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Coronavirus: The difficult process of counting the dead

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Paris, France—The daily count of fatalities of the COVID-19 pandemic, whose official toll has now passed 210,000, is a sensitive business, with data often incomplete and differing methods between countries.

WAITING. A cemetery worker wearing protective gear waits for an unclaimed COVID-19 victim, at the municipal cemetery No. 13 in Tijuana, Baja California state, Mexico, on April 21, 2020. AFP File Photo

Hospitals, care homes

Germany, Luxembourg, South Korea and Spain count all deaths of those who have tested positive for COVID-19, whether they take place in hospital or elsewhere.

In Belgium, where care homes have officially accounted for more than half the deaths, the figures include even people who have not been tested, but are suspected of having been infected.

France also counts deaths in care homes, which make up more than a third of the number.

Other countries, such as China and Iran, only count deaths in hospital in their daily tolls.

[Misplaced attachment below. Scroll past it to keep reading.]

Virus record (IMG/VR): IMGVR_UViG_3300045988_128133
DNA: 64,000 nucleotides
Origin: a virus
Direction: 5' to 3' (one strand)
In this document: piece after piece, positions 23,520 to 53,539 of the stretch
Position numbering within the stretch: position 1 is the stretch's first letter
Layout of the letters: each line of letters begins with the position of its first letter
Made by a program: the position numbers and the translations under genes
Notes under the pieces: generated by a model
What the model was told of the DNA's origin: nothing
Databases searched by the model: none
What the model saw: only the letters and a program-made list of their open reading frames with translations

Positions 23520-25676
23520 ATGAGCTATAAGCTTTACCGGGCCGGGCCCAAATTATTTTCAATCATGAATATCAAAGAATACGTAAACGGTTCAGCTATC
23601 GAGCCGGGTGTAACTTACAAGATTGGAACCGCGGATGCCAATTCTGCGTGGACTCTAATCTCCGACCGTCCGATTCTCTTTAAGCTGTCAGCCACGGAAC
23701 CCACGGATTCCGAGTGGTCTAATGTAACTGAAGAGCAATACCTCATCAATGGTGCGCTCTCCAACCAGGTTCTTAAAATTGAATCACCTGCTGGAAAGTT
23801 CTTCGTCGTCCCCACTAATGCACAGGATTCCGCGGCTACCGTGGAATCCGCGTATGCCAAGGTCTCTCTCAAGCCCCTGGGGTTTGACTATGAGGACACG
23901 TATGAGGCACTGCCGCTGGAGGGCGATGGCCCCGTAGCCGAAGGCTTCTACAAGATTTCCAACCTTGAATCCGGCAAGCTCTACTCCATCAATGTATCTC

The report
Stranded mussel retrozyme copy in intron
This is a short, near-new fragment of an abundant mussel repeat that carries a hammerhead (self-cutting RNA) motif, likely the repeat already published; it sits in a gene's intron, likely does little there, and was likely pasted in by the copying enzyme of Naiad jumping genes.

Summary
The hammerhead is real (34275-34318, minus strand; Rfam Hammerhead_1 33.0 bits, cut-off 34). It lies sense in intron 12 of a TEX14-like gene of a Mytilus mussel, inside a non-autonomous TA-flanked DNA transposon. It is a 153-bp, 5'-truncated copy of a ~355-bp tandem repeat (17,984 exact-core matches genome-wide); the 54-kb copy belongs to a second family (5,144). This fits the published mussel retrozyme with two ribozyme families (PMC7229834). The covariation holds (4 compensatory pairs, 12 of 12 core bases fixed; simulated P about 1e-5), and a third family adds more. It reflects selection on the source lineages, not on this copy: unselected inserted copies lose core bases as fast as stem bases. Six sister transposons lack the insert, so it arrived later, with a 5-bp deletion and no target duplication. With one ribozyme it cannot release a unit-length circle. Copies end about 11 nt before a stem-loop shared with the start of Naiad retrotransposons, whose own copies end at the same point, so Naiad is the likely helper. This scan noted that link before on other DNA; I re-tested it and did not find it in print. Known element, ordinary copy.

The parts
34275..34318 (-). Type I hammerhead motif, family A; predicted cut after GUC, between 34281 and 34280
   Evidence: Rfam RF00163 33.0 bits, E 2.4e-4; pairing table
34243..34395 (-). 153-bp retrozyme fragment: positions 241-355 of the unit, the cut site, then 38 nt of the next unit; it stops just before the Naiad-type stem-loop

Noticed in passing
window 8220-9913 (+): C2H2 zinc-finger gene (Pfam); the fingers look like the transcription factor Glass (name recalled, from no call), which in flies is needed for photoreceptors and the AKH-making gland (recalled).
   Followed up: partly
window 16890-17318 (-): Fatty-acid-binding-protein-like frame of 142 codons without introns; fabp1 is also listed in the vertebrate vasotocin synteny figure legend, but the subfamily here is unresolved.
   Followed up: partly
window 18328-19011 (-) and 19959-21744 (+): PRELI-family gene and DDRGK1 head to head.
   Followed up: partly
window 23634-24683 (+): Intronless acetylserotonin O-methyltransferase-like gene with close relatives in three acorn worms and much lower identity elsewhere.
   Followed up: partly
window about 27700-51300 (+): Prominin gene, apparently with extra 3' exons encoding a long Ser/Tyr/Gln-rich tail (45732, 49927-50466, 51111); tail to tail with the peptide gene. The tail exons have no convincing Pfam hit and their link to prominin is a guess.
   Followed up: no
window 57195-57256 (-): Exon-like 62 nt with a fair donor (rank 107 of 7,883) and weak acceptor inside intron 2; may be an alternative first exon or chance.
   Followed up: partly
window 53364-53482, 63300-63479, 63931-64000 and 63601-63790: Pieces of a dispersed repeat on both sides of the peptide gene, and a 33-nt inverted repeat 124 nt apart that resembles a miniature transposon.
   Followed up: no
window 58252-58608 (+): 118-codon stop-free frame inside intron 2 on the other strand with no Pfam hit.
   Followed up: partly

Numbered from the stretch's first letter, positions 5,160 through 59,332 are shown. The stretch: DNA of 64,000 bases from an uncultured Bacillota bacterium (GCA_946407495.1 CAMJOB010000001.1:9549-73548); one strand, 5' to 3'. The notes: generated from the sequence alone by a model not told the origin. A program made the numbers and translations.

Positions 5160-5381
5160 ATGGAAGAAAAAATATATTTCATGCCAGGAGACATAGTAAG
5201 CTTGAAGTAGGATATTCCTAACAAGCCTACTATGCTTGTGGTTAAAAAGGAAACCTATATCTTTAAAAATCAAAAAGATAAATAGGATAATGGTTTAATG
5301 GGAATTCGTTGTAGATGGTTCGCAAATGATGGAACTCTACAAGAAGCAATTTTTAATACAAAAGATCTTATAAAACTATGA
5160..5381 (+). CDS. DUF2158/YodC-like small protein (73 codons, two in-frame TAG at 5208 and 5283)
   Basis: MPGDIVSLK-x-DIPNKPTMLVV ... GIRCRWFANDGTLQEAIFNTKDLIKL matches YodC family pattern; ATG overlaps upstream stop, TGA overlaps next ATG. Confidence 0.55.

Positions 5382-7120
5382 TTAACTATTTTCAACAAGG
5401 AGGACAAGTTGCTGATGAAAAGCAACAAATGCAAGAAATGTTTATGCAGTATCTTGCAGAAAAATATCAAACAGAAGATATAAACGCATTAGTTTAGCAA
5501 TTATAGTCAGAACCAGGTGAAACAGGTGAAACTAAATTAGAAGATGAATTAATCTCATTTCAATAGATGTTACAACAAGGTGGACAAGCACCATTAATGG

That is also the case in Britain. More complete figures are published every week by the Office for National Statistics, but with a time lag of 10 days, and these figures do not include deaths in Scotland and Northern Ireland.

In Italy, which has Europe's highest official death toll, only the biggest retirement home hotspots are accounted for, according to the Civil Protection.

In the United States, which has the highest death toll in the world at more than 50,000, the counting method varies from one state to another: while New York counts deaths in care homes, California does not.

COVID-19, or another disease?

Some countries, such as Belgium, Britain, Italy, Luxembourg, South Korea and Spain include in their figures all the people who have tested positive for the coronavirus, even those who died of complications from a pre-existing condition. Other countries are more selective. 


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